Walter Mondale and Robert Dole at lecterns (© AP Images)

What do U.S. vice presidents do?

The role of the U.S. vice president was the butt of jokes in earlier times, but the job has evolved to bestow more power and carry more importance.
People around casket covered in U.S. flag in room with statues (© Olivier Douliery/AFP/Getty Images)

Americans honor a champion of equality

Supreme Court Justice Ruth Bader Ginsburg, who died at the age of 87, was honored with events at the U.S. Supreme Court and the U.S. Capitol.
Drawing of crowd of people with some individuals highlighted (© Elenabsl/Shutterstock)

Accuracy matters when it comes to jobs reports

Learn how the U.S. calculates its jobless numbers, and why policymakers and job seekers alike depend on timely, transparent economic data.
Illustration of woman in suit and glasses standing in courtroom with arms akimbo (State Dept./D. Thompson)

What does a public defender do in the U.S.?

Public defenders back criminal defendants in the U.S. who can't afford a private attorney and are at risk of going to prison. Learn how they came to be.
Different kinds of pastries in box (© Piroshky Piroshky Bakery LLC)

In the U.S., it’s easy to start a small business

Entrepreneurs will find plenty of resources through the U.S. Small Business Administration to help them establish — and expand — their businesses.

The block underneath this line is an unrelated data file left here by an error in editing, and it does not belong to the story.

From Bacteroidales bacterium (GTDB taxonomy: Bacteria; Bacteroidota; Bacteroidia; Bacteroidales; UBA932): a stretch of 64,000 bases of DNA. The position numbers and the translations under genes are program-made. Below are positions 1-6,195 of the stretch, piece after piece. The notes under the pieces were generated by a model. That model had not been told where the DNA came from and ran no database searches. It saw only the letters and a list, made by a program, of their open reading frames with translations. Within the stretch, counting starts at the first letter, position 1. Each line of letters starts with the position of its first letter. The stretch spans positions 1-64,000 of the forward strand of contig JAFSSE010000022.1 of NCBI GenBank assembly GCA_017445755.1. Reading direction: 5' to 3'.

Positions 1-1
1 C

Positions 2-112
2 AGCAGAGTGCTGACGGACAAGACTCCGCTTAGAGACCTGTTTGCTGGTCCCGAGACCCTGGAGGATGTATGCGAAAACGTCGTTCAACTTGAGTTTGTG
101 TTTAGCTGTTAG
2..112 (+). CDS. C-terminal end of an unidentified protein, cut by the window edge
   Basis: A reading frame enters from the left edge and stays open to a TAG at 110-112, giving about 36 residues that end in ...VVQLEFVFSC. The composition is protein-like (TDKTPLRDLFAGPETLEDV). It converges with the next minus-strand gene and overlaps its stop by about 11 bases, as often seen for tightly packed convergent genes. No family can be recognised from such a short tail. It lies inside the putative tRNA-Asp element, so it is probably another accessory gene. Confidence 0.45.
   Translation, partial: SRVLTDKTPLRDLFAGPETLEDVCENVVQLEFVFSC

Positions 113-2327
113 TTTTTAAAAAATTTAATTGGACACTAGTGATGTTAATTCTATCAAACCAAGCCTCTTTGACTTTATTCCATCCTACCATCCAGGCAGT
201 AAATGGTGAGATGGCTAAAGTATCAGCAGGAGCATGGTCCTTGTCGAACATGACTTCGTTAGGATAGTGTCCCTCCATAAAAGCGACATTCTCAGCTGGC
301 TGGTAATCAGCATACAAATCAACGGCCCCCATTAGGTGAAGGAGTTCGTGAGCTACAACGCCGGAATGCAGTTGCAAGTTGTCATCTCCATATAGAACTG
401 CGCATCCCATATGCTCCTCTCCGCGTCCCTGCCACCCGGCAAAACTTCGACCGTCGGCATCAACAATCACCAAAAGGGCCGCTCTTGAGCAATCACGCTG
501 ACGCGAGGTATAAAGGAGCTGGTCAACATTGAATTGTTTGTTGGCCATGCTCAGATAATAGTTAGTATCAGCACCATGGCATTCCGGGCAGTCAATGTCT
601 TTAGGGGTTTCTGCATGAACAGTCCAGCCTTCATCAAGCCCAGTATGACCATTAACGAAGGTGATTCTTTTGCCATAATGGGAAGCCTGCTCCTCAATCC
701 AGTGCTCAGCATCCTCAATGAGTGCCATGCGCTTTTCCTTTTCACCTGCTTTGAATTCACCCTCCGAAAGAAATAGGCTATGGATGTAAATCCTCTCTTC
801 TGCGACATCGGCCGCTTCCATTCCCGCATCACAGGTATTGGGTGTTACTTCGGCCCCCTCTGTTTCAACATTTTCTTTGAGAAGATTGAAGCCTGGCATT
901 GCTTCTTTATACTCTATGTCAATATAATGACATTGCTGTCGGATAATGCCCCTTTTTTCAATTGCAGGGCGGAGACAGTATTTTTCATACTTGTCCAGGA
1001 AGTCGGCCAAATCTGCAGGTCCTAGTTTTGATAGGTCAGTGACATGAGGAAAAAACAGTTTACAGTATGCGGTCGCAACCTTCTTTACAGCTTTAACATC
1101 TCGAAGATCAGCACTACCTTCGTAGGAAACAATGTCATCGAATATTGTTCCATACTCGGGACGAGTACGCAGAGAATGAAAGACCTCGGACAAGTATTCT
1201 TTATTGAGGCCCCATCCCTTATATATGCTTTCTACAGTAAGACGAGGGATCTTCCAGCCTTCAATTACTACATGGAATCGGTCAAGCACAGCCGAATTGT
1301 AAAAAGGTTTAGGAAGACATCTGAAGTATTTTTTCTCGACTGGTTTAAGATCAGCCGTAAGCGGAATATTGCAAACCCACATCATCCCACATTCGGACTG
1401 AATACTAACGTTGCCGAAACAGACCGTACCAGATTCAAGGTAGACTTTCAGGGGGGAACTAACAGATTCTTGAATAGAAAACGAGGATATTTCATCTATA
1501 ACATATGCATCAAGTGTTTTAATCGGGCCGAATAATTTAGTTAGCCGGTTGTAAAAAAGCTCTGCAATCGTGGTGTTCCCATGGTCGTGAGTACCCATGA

Bill Clinton, Ross Perot and George H.W. Bush laughing (© Mark Cardwell/Reuters)

The spirited history of presidential debates

Technology has changed U.S. presidential debates since the days of Abraham Lincoln, but debates still give voters important information about candidates.
John F. Kennedy and Richard Nixon shaking hands (© Bettmann/Getty Images)

Presidential debate milestones [infographic]

From the Lincoln-Douglas debates of 1858 to present day contests, presidential debates have given voters valuable information about candidates.
Doctor holding stethoscope to child's chest (USAID/Daniel Lanari)

Database offers transparency on U.S. foreign aid

The Foreign Aid Explorer, a free, comprehensive, interactive database, helps users see what the United States spends on foreign aid.
Illustration of 19th-century cargo schooner offshore, with Africans in rowboat arriving at the shore (© The History Collection/Alamy)

How the Amistad helped America live up to its ideals

The Amistad case helped dozens of Africans escape slavery and forced America to live up to its founding ideals. Read more about it here.